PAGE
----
To make decisions, we need to know where we are acting and what the consequences could be. Then, we decide to pursue our goals, choose to do some actions, or ask somebody else to perform some activities for us with the final goal of achieving what we desire or what we are required to complete.
We might have personal skills independent from the context. Intuition, expertise, or previous knowledge of similar situations may inform our decision-making capability. We definitely look to mitigate risks and avoid damage and losses even when explicitly acting for a direct benefit or a profit.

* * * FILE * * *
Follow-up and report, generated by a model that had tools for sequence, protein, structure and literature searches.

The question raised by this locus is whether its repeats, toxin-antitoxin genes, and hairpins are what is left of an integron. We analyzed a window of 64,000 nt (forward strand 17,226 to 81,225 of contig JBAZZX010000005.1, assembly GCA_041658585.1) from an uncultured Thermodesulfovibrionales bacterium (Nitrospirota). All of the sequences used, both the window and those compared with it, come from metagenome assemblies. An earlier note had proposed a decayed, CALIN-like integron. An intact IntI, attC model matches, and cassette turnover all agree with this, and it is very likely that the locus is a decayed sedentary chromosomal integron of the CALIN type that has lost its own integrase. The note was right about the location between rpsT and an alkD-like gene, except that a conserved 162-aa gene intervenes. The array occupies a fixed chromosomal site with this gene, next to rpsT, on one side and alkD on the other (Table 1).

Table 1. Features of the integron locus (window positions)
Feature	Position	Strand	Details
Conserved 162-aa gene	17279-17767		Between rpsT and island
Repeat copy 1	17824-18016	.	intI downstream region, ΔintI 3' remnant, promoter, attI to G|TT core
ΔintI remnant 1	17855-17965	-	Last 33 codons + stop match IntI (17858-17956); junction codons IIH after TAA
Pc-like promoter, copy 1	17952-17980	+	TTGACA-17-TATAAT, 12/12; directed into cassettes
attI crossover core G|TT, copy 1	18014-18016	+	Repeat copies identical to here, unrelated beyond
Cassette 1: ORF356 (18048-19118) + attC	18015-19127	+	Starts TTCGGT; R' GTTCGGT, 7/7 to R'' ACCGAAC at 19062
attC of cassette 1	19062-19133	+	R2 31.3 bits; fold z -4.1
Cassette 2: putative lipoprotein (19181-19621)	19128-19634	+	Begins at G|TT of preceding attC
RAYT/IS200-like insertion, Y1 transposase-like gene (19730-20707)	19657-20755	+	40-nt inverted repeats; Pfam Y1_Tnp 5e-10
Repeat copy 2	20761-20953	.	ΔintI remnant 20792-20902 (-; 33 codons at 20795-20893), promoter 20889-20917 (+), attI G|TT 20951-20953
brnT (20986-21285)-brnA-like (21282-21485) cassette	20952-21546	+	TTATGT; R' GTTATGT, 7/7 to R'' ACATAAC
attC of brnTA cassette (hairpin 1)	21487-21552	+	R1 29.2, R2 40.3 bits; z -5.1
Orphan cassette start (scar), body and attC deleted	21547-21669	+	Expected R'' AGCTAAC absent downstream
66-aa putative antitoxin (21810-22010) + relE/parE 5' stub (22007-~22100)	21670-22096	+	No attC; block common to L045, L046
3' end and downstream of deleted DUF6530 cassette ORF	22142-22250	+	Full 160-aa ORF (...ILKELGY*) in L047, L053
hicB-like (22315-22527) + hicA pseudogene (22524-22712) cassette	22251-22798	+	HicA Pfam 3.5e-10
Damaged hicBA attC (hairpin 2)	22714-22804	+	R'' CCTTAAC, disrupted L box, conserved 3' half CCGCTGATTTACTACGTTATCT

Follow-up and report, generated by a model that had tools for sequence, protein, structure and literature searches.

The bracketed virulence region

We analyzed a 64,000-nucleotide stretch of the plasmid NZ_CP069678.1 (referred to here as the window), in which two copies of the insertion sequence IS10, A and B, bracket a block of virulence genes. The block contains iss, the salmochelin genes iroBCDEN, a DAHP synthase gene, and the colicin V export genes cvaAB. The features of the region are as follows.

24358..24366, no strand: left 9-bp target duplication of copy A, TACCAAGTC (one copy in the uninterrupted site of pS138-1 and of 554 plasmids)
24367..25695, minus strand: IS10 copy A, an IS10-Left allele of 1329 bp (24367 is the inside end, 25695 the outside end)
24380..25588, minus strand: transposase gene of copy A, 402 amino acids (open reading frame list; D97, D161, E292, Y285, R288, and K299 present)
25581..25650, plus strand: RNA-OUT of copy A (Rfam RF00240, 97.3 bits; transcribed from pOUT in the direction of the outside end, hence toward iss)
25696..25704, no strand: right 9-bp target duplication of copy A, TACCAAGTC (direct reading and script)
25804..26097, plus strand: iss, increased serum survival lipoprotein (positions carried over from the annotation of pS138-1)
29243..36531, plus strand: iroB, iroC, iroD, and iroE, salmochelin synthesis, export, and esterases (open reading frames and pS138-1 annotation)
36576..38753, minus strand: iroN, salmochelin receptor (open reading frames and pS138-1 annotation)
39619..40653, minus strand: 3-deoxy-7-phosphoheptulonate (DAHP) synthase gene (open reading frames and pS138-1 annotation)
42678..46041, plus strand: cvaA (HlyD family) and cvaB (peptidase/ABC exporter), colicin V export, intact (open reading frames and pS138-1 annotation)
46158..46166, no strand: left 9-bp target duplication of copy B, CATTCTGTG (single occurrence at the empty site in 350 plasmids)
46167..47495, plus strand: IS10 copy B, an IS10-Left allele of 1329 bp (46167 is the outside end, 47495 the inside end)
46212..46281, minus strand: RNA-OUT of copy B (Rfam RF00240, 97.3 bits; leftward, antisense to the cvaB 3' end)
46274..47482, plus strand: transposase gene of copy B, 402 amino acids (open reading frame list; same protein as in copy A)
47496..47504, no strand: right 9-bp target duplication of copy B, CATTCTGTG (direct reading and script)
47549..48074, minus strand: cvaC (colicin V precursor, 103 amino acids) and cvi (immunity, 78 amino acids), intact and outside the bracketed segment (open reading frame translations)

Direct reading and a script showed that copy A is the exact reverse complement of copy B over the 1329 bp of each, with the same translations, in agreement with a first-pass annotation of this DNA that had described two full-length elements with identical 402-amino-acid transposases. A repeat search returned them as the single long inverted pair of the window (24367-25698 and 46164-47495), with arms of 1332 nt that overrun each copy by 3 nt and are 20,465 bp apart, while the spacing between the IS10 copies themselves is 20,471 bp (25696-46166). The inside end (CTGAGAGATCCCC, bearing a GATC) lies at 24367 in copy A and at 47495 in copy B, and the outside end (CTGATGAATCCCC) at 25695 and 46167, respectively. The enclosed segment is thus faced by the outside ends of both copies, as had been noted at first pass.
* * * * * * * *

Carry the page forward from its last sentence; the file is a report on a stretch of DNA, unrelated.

What’s the most important thing to know to make the best decision? Understanding how the system works. Such knowledge comes from having the most accurate inventory of all interactions between the system’s components. The more we know about the context, the actors, the forces, the constraints, and the boundaries of the system we are making our decisions, the more we will acquire the knowledge needed to make the best decision.
That’s why making the system visible is a design and discovery principle at the foundation of understanding how a system works and how making specific choices generates different scenarios and possible consequences.